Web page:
Charles Dickens: The Uncommercial Traveller


The ship was fragrant with flowers. Something of the old Mexican passion for flowers may have gradually passed into North America, where flowers are luxuriously grown, and tastefully combined in the richest profusion; but, be that as it may, such gorgeous farewells in flowers had come on board, that the small officer's cabin on deck, which I tenanted, bloomed over into the adjacent scuppers, and banks of other flowers that it couldn't hold made a garden of the unoccupied tables in the passengers' saloon. These delicious scents of the shore, mingling with the fresh airs of the sea, made the atmosphere a dreamy, an enchanting one. And so, with the watch aloft setting all the sails, and with the screw below revolving at a mighty rate, and occasionally giving the ship an angry shake for resisting, I fell into my idlest ways, and lost myself.

As, for instance, whether it was I lying there, or some other entity even more mysterious, was a matter I was far too lazy to look into. What did it signify to me if it were I? or to the more mysterious entity, if it were he? Equally as to the remembrances that drowsily floated by me, or by him, why ask when or where the things happened? Was it not enough that they befell at some time, somewhere?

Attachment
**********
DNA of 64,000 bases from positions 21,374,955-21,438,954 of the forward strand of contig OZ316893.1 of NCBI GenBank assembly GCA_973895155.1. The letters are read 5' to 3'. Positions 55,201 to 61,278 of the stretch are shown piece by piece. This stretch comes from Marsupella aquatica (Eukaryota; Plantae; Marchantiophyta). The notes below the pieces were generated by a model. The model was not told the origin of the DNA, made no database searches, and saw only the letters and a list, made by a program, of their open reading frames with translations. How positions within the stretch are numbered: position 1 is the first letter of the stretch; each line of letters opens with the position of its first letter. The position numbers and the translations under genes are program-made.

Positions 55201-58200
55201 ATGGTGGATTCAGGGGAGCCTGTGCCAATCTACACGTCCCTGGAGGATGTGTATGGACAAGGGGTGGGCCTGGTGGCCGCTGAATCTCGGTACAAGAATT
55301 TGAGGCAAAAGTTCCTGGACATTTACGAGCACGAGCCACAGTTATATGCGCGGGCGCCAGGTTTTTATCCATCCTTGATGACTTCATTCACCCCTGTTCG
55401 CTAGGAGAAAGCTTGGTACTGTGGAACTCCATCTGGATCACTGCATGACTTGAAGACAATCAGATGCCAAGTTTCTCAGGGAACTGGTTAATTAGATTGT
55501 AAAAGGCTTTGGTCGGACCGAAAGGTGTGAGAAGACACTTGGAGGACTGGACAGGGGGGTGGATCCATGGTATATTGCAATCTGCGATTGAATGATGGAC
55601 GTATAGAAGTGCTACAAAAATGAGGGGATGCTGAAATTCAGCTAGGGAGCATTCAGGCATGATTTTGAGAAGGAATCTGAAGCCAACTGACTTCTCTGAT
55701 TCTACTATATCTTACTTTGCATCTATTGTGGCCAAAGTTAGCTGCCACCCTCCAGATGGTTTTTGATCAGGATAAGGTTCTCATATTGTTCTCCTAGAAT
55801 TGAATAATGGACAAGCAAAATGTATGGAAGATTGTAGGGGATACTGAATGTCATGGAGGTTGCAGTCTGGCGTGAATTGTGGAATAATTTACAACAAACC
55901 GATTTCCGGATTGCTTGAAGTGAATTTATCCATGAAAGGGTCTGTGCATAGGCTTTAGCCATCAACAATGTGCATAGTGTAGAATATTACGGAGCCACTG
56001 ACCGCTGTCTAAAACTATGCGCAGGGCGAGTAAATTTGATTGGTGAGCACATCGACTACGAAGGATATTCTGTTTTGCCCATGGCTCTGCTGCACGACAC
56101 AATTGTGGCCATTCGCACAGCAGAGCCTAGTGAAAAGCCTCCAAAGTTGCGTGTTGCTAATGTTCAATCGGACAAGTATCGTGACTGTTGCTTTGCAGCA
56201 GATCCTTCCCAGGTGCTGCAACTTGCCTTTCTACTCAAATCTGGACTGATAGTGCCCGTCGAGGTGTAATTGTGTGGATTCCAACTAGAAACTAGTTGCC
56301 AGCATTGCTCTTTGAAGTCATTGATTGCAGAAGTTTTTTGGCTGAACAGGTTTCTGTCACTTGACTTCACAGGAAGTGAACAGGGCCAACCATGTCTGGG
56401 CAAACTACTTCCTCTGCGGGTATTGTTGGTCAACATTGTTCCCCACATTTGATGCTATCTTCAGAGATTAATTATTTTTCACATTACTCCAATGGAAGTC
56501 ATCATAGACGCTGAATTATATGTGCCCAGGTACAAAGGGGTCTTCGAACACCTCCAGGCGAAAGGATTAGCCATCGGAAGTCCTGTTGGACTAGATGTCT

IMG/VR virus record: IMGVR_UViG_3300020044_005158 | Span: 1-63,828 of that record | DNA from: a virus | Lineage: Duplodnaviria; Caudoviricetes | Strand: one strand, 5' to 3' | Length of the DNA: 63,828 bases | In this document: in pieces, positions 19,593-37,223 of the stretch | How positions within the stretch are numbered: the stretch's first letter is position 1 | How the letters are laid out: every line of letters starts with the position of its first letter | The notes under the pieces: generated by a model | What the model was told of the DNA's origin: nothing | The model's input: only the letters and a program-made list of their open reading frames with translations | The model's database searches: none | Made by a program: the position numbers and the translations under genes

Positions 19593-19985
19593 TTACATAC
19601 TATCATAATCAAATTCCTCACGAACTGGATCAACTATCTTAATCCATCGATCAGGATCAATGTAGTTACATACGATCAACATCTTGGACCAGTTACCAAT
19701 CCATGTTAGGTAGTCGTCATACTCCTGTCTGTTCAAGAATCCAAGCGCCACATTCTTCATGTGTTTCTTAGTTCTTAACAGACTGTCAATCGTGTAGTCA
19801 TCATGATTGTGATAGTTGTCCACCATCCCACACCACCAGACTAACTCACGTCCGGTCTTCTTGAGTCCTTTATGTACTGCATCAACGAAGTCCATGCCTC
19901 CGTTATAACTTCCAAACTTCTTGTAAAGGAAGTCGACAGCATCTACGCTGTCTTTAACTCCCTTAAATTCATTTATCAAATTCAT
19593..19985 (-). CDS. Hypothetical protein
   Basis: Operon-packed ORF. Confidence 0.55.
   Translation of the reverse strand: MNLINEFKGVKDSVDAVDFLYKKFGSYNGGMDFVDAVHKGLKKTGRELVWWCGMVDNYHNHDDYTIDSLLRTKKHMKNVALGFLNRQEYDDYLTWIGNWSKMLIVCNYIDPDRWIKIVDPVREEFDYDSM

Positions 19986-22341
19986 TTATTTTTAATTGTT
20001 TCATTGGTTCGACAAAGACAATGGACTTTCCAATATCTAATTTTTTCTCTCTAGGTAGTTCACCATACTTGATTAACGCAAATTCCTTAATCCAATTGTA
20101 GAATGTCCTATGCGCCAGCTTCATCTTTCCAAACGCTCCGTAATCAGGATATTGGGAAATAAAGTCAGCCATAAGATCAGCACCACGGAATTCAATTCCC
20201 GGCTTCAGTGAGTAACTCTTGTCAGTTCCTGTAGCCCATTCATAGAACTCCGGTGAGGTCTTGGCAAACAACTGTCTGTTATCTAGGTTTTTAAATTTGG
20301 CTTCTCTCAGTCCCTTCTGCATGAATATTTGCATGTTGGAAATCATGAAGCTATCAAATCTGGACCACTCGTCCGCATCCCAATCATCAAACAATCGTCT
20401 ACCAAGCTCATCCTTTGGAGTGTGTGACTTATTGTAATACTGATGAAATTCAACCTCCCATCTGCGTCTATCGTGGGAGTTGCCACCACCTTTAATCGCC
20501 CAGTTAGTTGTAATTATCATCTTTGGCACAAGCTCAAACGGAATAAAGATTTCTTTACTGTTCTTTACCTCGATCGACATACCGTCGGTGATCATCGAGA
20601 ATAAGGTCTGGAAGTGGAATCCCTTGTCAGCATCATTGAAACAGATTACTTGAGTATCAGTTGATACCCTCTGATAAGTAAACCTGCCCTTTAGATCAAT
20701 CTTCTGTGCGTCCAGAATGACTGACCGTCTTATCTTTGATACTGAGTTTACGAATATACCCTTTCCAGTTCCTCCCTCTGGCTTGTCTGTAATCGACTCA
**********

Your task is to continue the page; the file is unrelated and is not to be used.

There was that assisting at the church service on board another steamship, one Sunday, in a stiff breeze. Perhaps on the passage out. No matter. Pleasant to hear the ship's bells go as like church-bells as they could; pleasant to see the watch off duty mustered and come in: best hats, best Guernseys, washed hands and faces, smoothed heads. But then arose a set of circumstances so rampantly comical, that no check which the gravest intentions could put upon them would hold them in hand. Thus the scene. Some seventy passengers assembled at the saloon tables. Prayer-books on tables. Ship rolling heavily. Pause. No minister. Rumour has related that a modest young clergyman on board has responded to the captain's request that he will officiate. Pause again, and very heavy rolling.

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